I am committing sacrilege when I don’t bow before Shirley Sherrod, kneeling, kissing her, uh, her ring.
And for thinking a military exists for the purpose of fighting and defending something, rather than to provide free higher-education benefits to the enlistees, I’m an oaf.
I’m nuts for thinking there was anything dangerous about Saddam Hussein. Ever.
I’m making a dreadful mistake thinking Sarah Palin personifies what feminism was really supposed to be.
And I need to trust His Holy Eminence at 1600 Pennsylvania. He has the economy well under control. That unemployment rate will drop again, just as soon as He’s all done cleaning up FaPoBuAdtm, the Failed Policies of the Bush Administration. I’m a big ol’ dummy for thinking it would have been nice for Him to bother to show up, in person, to the Boy Scouts’ 100-year celebration rather than going on an airhead ditzy female talk show.
Now keep in mind…I’m only mentioning the most harmless things that I am, according to those who disagree. They have much worse things to say about my fine self. Since, thus far, I’m the only one they’ve met all across the world wide web, who disagrees with them about anything. Except I’m not. In fact, I’m generally not in the majority very often on a given issue, but on many of the above items I’ve found that I am; it is my opposition that is badly outnumbered. Which means very little to me. Except — still, they continue with the bullying. With the numbers extraordinarily lopsided, in the given locale, something like thirty-to-one. They’re the ones to bring it up. Their disconnection from reality complete, they continue their onslaught with the bullying “everybody knows” schtick, when it’s patently obvious that “everybody” knows no such thing.
It’s been happening more and more. More this year than in the two years before, which is saying a lot…and more the last two weeks, than all the months before. It’s a quickening. It’s a plague straight out of Book of Exodus. A plague of fools.
It’s hard to see what is happening here until you take the time to inspect the actual words exchanged, and read between the lines. Look under the surface. Then it becomes crystal clear.
Before I get to that, though, let’s go back to what Irish Cicero wants to talk about. The quickening.
It is a degradation of something. In the private e-mail thread, I compared it to a ruptured gas line burning away at the base of a steel tower. Nobody on God’s green earth can extinguish it. The tower remains standing for an hour, maybe two, but at some point the structural strength will dissipate and that tower’s coming down. If you’ve never experienced this in real life, I can tell you it is an amazing sight. Just one within the crowd will be most sensitive to motion at a distance, and the cry will go forth: “Ah, there she goes.” It won’t be mistaken, and a moment or two later it will be visible to everyone. But still the tower will remain standing, for the better part of a minute or more. Nobody really knows. No one is looking at a timepiece.
That is where we are. We have these “junkies” arguing about trivial bullshit on blogs. But it isn’t bullshit and it isn’t trivial. They…we…are the eagle-eyes, perceiving the movement first. What this says about us, is unimportant. The facts worth considering all have to do with that steel tower.
Another analogy is more obvious: You inflate a basketball to full capacity, and drop it on the level pavement. Boom, boom, boom, boom-boom-boom…they get closer together, very slowly. A gradual quickening. Once it diminishes into that brrrrmmmmm sound, something that existed before has been lost. I like this one because, after the basketball is at rest you can always lift it into the air and drop it again. This, I think, is where we are headed. We’re learning something about ourselves, withholding our efforts so we can see how things shake out. Eventually, we come to understand that it really is all about us. If we want to get some energy out of these objects, we have to put some in.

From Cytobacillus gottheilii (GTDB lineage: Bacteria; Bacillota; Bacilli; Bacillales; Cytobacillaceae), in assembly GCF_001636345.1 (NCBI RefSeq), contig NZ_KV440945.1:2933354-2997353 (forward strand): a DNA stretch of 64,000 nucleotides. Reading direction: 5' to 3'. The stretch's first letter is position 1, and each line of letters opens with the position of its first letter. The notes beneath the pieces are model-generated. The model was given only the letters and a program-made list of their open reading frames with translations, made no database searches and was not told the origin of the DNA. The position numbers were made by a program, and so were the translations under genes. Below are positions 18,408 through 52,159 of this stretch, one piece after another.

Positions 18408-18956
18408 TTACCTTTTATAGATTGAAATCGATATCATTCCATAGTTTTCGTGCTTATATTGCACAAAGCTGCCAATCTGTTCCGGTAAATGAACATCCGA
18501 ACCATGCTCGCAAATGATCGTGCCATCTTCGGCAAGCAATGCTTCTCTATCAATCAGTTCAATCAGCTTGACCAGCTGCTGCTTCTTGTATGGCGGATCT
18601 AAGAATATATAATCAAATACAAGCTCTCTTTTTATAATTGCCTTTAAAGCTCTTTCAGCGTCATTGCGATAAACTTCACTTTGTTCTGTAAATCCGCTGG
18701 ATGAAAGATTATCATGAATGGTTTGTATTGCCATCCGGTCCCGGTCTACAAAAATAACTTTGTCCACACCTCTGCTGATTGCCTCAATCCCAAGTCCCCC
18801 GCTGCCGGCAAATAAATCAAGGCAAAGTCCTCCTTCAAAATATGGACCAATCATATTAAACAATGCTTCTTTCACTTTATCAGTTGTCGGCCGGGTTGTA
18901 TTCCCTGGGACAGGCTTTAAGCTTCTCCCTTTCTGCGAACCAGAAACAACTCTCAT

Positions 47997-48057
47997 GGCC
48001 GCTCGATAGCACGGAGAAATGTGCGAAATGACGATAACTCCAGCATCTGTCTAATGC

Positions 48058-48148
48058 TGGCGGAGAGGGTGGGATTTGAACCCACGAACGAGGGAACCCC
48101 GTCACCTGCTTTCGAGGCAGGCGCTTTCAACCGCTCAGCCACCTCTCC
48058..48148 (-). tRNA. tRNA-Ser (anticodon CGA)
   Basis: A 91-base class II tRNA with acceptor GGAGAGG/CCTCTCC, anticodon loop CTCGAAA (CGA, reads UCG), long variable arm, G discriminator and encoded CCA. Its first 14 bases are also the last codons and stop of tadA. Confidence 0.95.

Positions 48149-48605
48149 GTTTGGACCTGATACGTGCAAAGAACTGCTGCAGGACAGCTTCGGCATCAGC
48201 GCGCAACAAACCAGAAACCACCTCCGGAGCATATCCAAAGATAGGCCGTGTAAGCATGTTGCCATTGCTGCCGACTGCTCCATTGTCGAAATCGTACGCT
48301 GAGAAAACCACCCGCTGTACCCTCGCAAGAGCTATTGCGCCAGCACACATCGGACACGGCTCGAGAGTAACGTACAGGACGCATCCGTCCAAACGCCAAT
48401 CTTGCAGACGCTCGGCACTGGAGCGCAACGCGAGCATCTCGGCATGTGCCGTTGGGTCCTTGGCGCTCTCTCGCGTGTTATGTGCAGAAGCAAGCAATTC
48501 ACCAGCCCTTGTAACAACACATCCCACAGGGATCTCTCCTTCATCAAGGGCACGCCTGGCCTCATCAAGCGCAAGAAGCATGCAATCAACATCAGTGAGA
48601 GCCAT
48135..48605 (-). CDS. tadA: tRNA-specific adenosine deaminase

But the analogy that fits the best, is the darkest one. Every parent’s worst nightmare: Your child was right there just a moment ago, and now s/he’s nowhere to be found. Those first few moments that seem like days, are gone now, and now you’re facing days that seem like lifetimes. The police are looking, and your head is wracked with echoes of WHERE?? and HOW??
This is the best fit for where we are. We have hope, but we do not know how this is going to end. There is something precious to us that we think is still around, although we are not sure of it. The dreadful, unthinkable possibility exists that it may be gone forever.
We’re beating ourselves up constantly with thoughts that contain no perceptible words, other than “if only.”
We hope, and hope, and hope some more that there is a happy ending to this waiting. We don’t really know if it will happen. And we cannot presume the worst, so we concentrate on the when. But we don’t really care about the when. If we have to wait in order for it to come out right, we’ll wait.
But if that happy ending does come to pass, boy oh boy are there ever gonna be some new rules in place!
Yep. That’s it. That’s where we are.
There are those, though, who do not want to put the new rules in place. There are those who, by some neglectful act, or failure to act, allowed the child to go missing…read that as, “voted for Barack Obama.” The rest of us understand that the resulting disaster is so grave, that there is an indecency involved in pointing out their culpability in this. It is useless, it is cruel, and they already know.
And so they take advantage of our compassion and distance themselves further from reality. Then they get angry with everybody else. They begin to behave as if someone else was responsible for losing the child. They project.